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View Poll Results: MULTIPLE CHOICE Poll! Help me design my divided tank!
betta: Halfmoon 1 12.50%
betta: Plakat 1 12.50%
betta: Crowntail 0 0%
look of tank: Natural 1 12.50%
look of tank: CrAzY!! or OTHER (Please Post to Specify) 0 0%
best food: NLS Betta Pellets 3 37.50%
best food: Hikari Bio Gold 1 12.50%
gravel? 0 0%
sand? (i have never had sand) 1 12.50%
Colorful, or natural? 0 0%
Voters: 8. You may not vote on this poll

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Old 08-13-2012, 10:38 AM   #21 
SpookyTooth
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Ohhh sorry I misunderstood heh (doing that a lot today, very tired xD)! The original cleaning of the sand prior to putting it in the tank is yes... frustrating... a pain.... hard....... tiresome.......

Ooph. You just have to be persistant and patient with it, really. Dump it all in a bucket, put some water in it, swish it with your hands or a big stick, dump water out -- or you can have water gently flowing into the bucket and keep swirling the sand around while allowing the bucket to overflow.

Once the sand is in the tank and has had time to settle it shouldn't clog your filter up (unless it is literally kept in the sand itself). It might be worth putting as much sand as you'll need in your tank, covering it with a shallow layer of water (about 1/4 of the tank's capacity), swishing it all up then draining it repeatedly, this'll probably be quicker (albeit a bit more painstaking) than the other method as you'll only rinse as much as you need.

The type of sand? I'm not really sure... I used a bag of actual aquarium sand (more expensive than other types but I wasn't sure what else was available in the UK) but I've read of others using play sand - it might be worth looking into the Planted Tanks section because lots of people who make NPTs seem to use sand (that was my original purpose as well).

The problem with aerators and using them for sand movement is that they will likely either clog or just cause the sand to create a cloud in the tank so the sand really needs to be moved manually (whether by stick or snail).
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Old 08-13-2012, 11:25 AM   #22 
MyRainbowBettaFish
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Quote:
Originally Posted by SpookyTooth View Post
Ohhh sorry I misunderstood heh (doing that a lot today, very tired xD)! The original cleaning of the sand prior to putting it in the tank is yes... frustrating... a pain.... hard....... tiresome.......

Ooph. You just have to be persistant and patient with it, really. Dump it all in a bucket, put some water in it, swish it with your hands or a big stick, dump water out -- or you can have water gently flowing into the bucket and keep swirling the sand around while allowing the bucket to overflow.

Once the sand is in the tank and has had time to settle it shouldn't clog your filter up (unless it is literally kept in the sand itself). It might be worth putting as much sand as you'll need in your tank, covering it with a shallow layer of water (about 1/4 of the tank's capacity), swishing it all up then draining it repeatedly, this'll probably be quicker (albeit a bit more painstaking) than the other method as you'll only rinse as much as you need.

The type of sand? I'm not really sure... I used a bag of actual aquarium sand (more expensive than other types but I wasn't sure what else was available in the UK) but I've read of others using play sand - it might be worth looking into the Planted Tanks section because lots of people who make NPTs seem to use sand (that was my original purpose as well).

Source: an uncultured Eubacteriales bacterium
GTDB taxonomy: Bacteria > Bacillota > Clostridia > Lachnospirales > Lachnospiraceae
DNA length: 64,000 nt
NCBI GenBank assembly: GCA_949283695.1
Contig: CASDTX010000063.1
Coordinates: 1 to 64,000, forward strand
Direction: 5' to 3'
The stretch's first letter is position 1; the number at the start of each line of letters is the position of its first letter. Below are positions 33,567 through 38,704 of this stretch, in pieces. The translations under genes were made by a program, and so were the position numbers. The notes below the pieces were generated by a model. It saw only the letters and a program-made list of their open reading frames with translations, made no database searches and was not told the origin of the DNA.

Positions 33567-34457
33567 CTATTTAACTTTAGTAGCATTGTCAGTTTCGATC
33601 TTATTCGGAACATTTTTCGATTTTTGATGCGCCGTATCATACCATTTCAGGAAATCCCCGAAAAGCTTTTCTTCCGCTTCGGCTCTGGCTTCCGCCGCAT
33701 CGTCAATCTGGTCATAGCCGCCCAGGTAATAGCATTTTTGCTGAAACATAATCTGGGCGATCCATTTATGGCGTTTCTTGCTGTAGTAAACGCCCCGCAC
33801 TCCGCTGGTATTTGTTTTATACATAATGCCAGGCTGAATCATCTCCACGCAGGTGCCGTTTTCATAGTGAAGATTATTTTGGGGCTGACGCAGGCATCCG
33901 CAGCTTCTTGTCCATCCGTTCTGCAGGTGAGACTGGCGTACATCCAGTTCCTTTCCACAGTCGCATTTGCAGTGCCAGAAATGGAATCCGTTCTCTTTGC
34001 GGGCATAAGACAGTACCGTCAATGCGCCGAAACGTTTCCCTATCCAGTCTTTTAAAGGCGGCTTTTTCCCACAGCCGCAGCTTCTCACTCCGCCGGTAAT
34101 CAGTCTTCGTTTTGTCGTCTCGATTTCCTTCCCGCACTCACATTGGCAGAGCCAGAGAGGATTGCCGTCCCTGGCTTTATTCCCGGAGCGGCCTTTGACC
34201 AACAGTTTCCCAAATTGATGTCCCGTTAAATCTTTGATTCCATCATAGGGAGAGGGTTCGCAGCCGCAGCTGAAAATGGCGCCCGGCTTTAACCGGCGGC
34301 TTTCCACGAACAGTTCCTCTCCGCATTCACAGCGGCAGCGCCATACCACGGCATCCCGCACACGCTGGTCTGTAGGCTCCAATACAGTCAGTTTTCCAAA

The problem with aerators and using them for sand movement is that they will likely either clog or just cause the sand to create a cloud in the tank so the sand really needs to be moved manually (whether by stick or snail).
Ok so areators are out. What about pool filter sand? I have hard it has a better grain size and dosent clog filters or create clouds because of it. Would this be a good sand for beginners? Also, I don't know if it matters, but I have really high ph and very hard water....could this affect my chemistry?
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Old 08-13-2012, 11:27 AM   #23 
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To be honest I don't rightly know. I think some people use pool filter sand but it is high in silicates which can cause a diatom outbreak (though this isn't dangerous just a bit unsightly). Pool filter sand is usually something known as silica sand, an inert substance that shouldn't cause any problems in your tank at all. It's regularly used to mix into carnivorous plant soil because it doesn't leach anything so I would assume it's okay. Would be worth looking around for info on it though!
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Old 08-13-2012, 12:22 PM   #24 
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i used playsand for mine, super cheap and you will have lots left over. I also didnt rinse my sand, it seemed like a waste of time to me. Sand is inert so it shouldnt effect your water parameters.

My biggest suggestion with sand, is to use a plate in your tank when you add water, pour the water on the plate to break up the water and you will get minimal cloudiness from the sand
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Old 08-13-2012, 06:46 PM   #25 
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Thanks! I just really don't want clouds of sand everywhere haha!
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